Thanks to the zeal with which he cut staff and government services earlier in his cabinet career, Klein's former drinking buddy had earned the moniker Dr. Death. He had some experience with freeing up public assets. As the architect of the liquor- store privatization, Dr. West, a veterinarian by trade, promised "as pure a free-market system as you'll ever see." After firing 1,500 employees, he delivered something less: Liquor prices rose 5 to 15%.
Under West's steely direction, deregulation did some more simmering. The Electrical Utilities Act underwent several complex changes that never clarified just how power would be deregulated. Unlike in some provinces, there was no province-wide publicly owned entity to reckon with: Rather, the job was to break up a number of utilities, especially the three dominant ones. In the north, the heavyweights were city-owned Edmonton Power (now Epcor Utilities Inc.) and Alberta Power (now Atco Electric), a branch of Ron Southern's Atco Empire. In the south, energy conglomerate TransAlta Corp. was the main player.
West ran a one-man outfit that sought, but never achieved, consensus among electricity buyers and sellers. As time flew by, the utilities and potential new players in generation balked at the plan's lack of details and decided not to invest in new generation, even though electricity demand was growing by 3% a year. By 1998, the province was threatened with brownouts. As Joseph Doucet, a University of Alberta business professor, later put it: "When the government appears to be developing policy on the fly, investors hang onto their dollars."
Most problematic of all was the issue of divestiture. To introduce competition in electricity, the U.K., Australia and Argentina simply broke up their old state-owned utilities. But the Tories didn't have the stomach for such serious economics. The idea of forcing companies to sell off their assets is anathema to Canadian governments generally, never mind Conservative ones. Instead, West consulted London Economics Inc., deregulation specialists based in Cambridge, Mass., and came up with an idea never tried before: what the government called "virtual divestiture." It was presented as a "made-in-Alberta plan."
In practice, that meant creating competition at the retail level with complicated Power Purchase Arrangements (PPA), or what one oil executive quickly dubbed "Piss Poor Arrangements." West proposed that companies that wanted to get into the power-retailing (as opposed to generating) business bid at the Power Pool. Successful bidders would be issued pieces of paper that guaranteed certain amounts of power to sell to consumers. Generators would still own the car, but retailers would tell them where and when to drive it.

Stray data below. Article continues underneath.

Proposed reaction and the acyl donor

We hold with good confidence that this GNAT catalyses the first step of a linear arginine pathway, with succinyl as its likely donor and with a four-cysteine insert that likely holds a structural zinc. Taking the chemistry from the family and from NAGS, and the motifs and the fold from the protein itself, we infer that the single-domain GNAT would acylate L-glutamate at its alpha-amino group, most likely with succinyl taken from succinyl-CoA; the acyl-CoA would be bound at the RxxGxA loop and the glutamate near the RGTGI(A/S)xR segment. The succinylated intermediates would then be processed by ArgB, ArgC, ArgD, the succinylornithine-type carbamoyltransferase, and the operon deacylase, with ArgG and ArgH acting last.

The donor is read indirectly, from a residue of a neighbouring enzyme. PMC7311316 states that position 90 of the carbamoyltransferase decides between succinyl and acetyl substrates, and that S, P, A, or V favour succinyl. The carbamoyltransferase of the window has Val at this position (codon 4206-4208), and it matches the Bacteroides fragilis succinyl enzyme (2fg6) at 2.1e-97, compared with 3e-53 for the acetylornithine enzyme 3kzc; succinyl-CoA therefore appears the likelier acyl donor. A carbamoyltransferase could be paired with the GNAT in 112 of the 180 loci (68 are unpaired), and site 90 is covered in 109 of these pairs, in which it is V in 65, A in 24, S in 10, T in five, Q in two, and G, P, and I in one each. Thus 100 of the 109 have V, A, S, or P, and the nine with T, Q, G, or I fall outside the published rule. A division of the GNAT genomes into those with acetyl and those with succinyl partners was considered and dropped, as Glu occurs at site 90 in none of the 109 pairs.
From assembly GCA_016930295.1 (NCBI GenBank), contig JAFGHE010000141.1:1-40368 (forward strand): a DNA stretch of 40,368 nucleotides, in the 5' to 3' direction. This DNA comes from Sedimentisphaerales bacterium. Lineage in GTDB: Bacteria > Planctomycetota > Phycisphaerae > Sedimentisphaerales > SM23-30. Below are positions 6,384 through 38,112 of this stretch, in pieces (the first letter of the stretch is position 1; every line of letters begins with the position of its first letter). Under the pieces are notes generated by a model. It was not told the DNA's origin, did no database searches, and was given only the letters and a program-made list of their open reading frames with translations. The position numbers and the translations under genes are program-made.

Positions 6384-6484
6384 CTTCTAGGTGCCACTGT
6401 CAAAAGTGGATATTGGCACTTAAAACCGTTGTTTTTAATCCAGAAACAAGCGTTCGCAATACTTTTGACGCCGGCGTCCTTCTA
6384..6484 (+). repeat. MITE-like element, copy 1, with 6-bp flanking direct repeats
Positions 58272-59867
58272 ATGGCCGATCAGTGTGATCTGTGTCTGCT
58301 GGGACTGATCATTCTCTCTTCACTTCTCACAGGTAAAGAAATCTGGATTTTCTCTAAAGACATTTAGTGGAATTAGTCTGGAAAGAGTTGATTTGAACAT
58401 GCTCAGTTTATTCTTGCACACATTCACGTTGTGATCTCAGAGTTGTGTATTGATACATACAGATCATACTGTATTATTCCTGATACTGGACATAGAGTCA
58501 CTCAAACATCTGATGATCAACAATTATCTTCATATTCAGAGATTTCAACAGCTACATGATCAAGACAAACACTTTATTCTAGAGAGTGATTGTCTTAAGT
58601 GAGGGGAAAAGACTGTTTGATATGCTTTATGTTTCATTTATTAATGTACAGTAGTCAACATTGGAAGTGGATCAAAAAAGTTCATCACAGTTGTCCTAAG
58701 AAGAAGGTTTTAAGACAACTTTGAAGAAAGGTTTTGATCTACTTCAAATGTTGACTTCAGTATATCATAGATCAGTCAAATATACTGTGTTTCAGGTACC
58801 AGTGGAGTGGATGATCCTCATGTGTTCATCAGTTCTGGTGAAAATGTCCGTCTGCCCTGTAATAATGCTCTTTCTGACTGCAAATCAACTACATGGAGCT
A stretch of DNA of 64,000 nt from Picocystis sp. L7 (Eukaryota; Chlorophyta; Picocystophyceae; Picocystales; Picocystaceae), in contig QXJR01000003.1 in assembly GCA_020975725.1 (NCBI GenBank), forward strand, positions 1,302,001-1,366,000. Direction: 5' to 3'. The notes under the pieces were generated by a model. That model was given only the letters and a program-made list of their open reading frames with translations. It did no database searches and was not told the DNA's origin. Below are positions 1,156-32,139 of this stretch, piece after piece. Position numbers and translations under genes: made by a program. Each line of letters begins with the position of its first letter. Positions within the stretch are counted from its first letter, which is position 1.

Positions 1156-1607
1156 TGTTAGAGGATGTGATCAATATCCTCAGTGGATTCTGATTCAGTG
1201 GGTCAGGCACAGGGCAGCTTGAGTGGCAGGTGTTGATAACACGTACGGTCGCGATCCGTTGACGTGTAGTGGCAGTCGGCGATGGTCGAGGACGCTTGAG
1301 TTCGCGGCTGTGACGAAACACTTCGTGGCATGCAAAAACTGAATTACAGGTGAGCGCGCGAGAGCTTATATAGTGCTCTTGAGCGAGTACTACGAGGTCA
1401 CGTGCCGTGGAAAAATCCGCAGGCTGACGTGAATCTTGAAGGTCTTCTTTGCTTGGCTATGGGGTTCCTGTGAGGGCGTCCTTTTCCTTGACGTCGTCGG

From the beginning, Dan Macnamara had reservations about this elaborate scheme. As executive director of the IPCCAA, he had a mandate to speak out on behalf of big industrial consumers. They didn't like what they were seeing. Macnamara felt the PPA idea favoured the existing utilities and wouldn't create real competition. In a letter to West in 1999, he warned that "the government is very unlikely to meet the stated objectives of the legislation...
we don't seem to be totally united on what constitutes a cliff, or, what we do, if in fact, we are at its precipice." According to Macnamara, West simply told him, "We're going forward."
When industrialists privately tried to warn Klein, they made little impression. "He said, 'I don't know what you are talking about. It's too complicated for me. Talk to Steve West,'" recalls one executive. Stung by the government's intransigence, Macnamara started making his case to the media. Shortly afterward, a government functionary phoned up Macnamara and testily told him, "We are unhappy with your comments in the media." Macnamara's reply was short: "Last time I looked, I was living in a democracy."